Sanford is a city in Lee County with a population of 29,758 as of the 2020 census.
During the county’s creation, Sanford and Jonesboro were the choices to be the county seat, but it was ultimately decided that the courthouse would be placed between the two towns.
Sanford eventually expanded in the late 20th century and merged with Jonesboro.
The latter became Jonesboro Heights, while the name Sanford was retained for the town.
The then-town was named after civil engineer C.O. Sanford, who was responsible for building the rail lines that helped it become a city.
It was once a leading source of coal, brownstone, and brick, becoming a major provider for different areas throughout the country.
Today, the city maintains its small-town feel amidst sprawling nature parks, up-and-coming restaurants, a big music scene, and a thriving art community.
Here are the best things to do in Sanford, North Carolina:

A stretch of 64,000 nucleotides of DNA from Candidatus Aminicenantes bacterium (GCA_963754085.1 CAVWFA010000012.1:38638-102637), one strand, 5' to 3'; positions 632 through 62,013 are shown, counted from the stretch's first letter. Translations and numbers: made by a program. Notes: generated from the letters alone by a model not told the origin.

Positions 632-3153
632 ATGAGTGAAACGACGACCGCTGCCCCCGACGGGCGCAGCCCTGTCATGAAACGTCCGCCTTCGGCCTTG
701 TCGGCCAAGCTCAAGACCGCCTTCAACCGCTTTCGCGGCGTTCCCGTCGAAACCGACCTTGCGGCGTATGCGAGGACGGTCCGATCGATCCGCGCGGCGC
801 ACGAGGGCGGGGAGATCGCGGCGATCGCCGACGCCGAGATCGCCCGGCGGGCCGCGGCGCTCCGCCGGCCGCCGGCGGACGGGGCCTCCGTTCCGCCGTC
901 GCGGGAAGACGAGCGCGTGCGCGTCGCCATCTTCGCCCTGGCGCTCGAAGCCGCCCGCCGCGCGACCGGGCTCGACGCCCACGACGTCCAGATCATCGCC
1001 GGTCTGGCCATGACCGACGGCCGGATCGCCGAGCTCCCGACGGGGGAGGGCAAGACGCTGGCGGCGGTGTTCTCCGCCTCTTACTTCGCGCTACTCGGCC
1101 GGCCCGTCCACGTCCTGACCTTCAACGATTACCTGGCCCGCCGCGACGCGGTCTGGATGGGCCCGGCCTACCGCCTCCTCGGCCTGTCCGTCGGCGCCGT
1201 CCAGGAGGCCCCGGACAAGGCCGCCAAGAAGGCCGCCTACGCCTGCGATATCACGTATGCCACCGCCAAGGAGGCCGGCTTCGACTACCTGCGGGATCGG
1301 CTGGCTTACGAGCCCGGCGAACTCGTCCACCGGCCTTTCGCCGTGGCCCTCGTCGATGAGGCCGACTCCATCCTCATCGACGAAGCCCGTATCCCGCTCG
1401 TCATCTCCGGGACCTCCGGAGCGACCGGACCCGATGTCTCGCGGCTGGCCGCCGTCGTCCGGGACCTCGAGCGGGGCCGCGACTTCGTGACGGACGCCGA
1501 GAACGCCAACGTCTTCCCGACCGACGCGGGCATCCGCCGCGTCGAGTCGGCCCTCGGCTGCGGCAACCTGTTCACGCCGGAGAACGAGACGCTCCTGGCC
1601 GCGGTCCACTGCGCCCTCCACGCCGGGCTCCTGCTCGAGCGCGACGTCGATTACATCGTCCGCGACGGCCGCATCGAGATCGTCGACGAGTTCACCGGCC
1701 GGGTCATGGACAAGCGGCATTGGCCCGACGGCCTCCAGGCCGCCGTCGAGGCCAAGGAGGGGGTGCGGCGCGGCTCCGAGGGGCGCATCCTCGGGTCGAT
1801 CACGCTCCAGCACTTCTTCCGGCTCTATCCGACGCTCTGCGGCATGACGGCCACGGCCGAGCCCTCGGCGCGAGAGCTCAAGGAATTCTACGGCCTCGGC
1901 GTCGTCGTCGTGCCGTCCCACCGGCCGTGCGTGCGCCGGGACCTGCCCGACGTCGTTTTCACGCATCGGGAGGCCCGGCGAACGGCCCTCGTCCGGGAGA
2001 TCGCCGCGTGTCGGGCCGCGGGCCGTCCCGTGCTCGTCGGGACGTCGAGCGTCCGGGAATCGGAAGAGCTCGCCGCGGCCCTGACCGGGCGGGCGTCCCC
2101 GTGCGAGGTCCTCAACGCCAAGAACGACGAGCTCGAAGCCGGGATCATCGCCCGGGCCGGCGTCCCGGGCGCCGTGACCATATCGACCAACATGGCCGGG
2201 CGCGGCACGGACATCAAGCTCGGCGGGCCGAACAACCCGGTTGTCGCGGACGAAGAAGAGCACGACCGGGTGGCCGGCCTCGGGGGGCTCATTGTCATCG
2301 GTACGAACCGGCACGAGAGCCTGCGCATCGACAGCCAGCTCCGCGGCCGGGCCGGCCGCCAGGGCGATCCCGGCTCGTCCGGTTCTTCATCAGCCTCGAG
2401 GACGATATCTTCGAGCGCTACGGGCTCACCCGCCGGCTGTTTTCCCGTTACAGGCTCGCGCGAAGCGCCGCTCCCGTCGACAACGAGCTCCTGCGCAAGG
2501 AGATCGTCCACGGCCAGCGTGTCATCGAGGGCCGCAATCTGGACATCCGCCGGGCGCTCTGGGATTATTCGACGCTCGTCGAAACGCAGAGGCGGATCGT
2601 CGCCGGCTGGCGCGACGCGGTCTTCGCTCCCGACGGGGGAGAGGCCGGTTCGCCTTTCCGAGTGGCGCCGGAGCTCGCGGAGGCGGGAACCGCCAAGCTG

Watch a Stage Production at Temple Theatre
Built in 1925, Temple Theatre was a popular spot for Vaudeville shows, with its strategic location near the train station.
Designed using the Colonial Revival and Art Deco styles, the building got its name from the Masonic Lodge next door.
The venue served as Lee County’s entertainment capital for decades, hosting Vaudeville and touring road shows, including burlesque, and becoming a movie theater later.
It also became the venue for productions of the Sanford Little Theatre and the Footlight Players in the 1960s until its closure in 1965.
The theater underwent renovations in the early 1980s and reopened with a production of Chicago in 1984.
Today, the Temple produces musicals and dramas, each show usually running for three weeks.
It’s also a great venue for stand-up comedy acts, pop concerts, and dance recitals.
Watch one of Temple Theatre’s productions when you visit Sanford.
Go Mountain Biking at San-Lee Park
San-Lee Park is a 177-acre waterfront park on Pumping Station Road.
It has a challenging 6.5-mile mountain biking trail that will bring out the adrenaline junkie in you.